Git Repository Access

The Shibboleth's project's Git repositories are hosted at, and may be accessed in a number of different ways.

Anonymous Access

Public access to most repositories may be performed anonymously in one of two ways:

  • git clone using "smart HTTPS"

  • using a web browser to browse the repository

The decentralised nature of Git means that as a non-committer, you can still work with a repository and develop on a local branch. Use techniques such as git rebase to keep your branch up to date with the upstream repository. See this section of the Pro Git book for tips.

If you develop code as a non-committer and would like to contribute it back to the project, please start a discussion on the development list. You will need to agree to the contribution policy before we can accept a contribution. You can then git rebase your branch one final time and submit changes using git request-pull or git format-patch/send-email.

Smart HTTPS Access

You can clone a repository using Smart HTTPS as follows:

$ git clone

Note that the URL includes a "/git" component to distinguish Git client access from browser access. A trailing .git is also permitted, but not required.

This access method supports git clonegit fetch and git pull. Making changes to the repository is not permitted.

gitweb Browser Access

Most repositories are available for browsing at

Note that the .git at the end of the repository name is required in this case.

Accessing will present you with a list of the available repositories.

Committer Access

Making changes directly to any of the Shibboleth project Git repositories can only be done by project committers. Full repository access is performed using the ssh protocol:

$ git clone 

SSH host key fingerprints changed on 2021-10-11 and are (old style):

  • MD5:27:bc:00:7c:e6:1d:f0:60:a5:ff:a6:ad:86:9a:c3:75 (RSA)

  • MD5:30:e6:c9:ef:7a:44:dd:f3:35:86:3d:18:84:6c:c6:74 (ECDSA)

  • MD5:fb:c1:7a:45:7c:51:bf:d6:cd:c5:f3:42:f1:21:e8:7b (ED25519)

New style:

  • SHA256:+9phGscbpuXIZLNtbUT0M0waF4MrkHY97hmnj72YwQk (RSA)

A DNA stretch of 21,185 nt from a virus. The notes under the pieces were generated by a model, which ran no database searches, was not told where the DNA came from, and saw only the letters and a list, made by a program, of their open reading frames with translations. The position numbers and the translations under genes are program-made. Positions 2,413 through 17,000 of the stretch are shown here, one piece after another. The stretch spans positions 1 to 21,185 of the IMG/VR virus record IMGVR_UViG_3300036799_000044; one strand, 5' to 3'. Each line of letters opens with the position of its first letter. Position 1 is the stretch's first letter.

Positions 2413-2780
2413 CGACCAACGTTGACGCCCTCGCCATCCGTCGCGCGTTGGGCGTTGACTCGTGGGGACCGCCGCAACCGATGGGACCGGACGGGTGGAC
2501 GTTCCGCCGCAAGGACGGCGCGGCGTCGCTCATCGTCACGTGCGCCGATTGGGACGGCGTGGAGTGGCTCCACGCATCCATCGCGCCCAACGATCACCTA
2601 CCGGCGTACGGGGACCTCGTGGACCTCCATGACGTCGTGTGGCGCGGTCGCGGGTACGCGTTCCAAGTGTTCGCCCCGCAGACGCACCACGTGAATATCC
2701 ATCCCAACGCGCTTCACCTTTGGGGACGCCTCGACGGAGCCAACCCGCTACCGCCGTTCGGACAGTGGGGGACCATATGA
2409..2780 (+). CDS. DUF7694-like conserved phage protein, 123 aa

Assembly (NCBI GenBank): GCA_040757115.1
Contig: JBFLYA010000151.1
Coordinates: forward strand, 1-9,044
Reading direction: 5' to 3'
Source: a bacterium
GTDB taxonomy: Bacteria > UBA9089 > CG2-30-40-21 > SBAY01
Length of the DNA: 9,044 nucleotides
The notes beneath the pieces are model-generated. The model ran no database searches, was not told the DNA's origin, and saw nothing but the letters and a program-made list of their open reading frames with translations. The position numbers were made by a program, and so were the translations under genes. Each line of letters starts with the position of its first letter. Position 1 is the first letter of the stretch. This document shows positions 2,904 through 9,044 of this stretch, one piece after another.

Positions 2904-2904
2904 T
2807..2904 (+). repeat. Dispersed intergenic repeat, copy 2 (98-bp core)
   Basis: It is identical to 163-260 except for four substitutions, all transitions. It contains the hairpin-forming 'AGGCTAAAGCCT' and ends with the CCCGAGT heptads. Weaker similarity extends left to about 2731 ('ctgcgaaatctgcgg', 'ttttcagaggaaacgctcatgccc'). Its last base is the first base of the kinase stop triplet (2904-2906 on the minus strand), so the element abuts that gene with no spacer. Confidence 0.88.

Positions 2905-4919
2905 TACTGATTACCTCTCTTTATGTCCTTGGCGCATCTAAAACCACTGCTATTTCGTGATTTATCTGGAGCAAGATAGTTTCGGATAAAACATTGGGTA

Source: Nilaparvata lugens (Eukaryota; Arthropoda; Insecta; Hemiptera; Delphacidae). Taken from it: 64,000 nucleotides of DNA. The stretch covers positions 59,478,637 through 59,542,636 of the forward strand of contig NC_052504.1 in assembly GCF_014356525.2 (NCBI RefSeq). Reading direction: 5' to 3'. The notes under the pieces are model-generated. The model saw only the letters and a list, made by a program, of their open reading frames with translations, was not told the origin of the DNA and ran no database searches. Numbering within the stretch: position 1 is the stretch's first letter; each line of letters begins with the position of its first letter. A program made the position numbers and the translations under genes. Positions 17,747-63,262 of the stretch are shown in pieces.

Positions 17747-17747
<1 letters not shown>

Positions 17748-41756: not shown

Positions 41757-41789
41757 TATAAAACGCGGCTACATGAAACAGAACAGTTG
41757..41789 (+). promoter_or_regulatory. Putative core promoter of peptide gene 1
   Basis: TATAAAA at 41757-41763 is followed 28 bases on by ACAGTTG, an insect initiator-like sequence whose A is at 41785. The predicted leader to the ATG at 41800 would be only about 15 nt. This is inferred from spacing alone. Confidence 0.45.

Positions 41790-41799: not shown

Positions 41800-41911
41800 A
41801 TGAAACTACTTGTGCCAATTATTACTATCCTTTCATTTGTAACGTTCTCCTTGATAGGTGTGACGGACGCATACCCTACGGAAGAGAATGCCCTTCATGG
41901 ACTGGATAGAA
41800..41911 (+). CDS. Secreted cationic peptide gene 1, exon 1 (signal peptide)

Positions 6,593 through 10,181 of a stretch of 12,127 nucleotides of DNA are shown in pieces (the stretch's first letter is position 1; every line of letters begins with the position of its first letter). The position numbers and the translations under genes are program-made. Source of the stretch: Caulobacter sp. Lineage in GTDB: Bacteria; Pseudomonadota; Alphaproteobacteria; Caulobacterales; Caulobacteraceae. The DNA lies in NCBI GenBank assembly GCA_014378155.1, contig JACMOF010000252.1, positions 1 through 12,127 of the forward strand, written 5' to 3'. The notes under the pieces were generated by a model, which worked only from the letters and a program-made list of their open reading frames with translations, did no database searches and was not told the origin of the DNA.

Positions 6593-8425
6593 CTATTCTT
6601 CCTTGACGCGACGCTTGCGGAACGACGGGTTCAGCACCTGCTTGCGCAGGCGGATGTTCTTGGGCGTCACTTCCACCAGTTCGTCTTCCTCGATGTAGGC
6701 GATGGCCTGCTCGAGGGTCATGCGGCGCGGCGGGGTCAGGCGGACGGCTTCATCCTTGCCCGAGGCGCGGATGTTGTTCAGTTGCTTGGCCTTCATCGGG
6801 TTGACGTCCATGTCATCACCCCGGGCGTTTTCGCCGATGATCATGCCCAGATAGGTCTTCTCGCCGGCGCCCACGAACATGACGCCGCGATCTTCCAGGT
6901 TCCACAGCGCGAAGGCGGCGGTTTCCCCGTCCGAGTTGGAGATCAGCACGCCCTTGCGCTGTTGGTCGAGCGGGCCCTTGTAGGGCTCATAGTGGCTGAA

• SHA256:SQgGL5PJY9TZLo552lfJ/OudzZZvQBZ2zOa48xT7uTo (ECDSA)

  • SHA256:+pNnCgbSwTmYNAMcjQjAK8rqem94FMsd+gLHl9cJQJM (ED25519)

We use the gitolite software to authenticate users using their SSH keys and to give each user appropriate permissions.

The current gitolite administrators are Ian Young and Scott Cantor. Contact a gitolite administrator if you need to add or remove an SSH key (you may have more than one, for example if you use separate keys for each workstation you use) or if your permissions appear to be incorrect.

You can find out which repositories you have access to, and the permissions you have over each, using the info subcommand, as follows:

$ ssh info hello iay, this is git@shibboleth running gitolite3 v3.6.2-18-gb6050a8 on git 2.3.4 C CREATOR/..* R W some-repository R W testing

This shows that the user iay has read and write access to the repositories some-repository and testing, as well as the ability to create new repositories using their gitolite user ID as a prefix, such as iay/another-repo or iay/folder/yet-another. You can read more about the facilities available from gitolite in this summary.

The testing repository is available to all authenticated users, as well as being visible through anonymous access.

Personal Repositories

Committers may also create personal repositories in a directory named after their gitolite identifier. These are initially only visible to their creator.

Personal repositories are never visible through gitweb, but can be made available to other committers or the general public by setting their permissions appropriately. Anonymous access is enabled by granting read permission to the user daemon.

One use of personal repositories is for long-running feature development which for one reason or another you don't want to make public. For example, you may wish the final feature commit to compress the work you have done on a private feature branch, so that the public repository only shows the final changes required. To do this, you'd can use a local repository and tools such as git rebase and git merge --squash, but using a personal repository allows that workflow to be extended with limited sharing and, of course, security against loss of the local repository.

To create a personal repository, just perform a clone operation and the repository will be created on the server side at the same time:

For more details about this facility, see the gitolite documentation.

Personal Repositories and Jenkins

To grant Jenkins permission to read a personal repository :

The Repository URL in the Jenkins job configuration should then be :

Personal Repositories and Jenkins Windows Nodes

Because the Windows Jenkins node does not have an SSH client installed, to test personal repositories :

  • grant anonymous access to read the personal repository :

  • and use a Smart HTTPS URL in the Jenkins job configuration :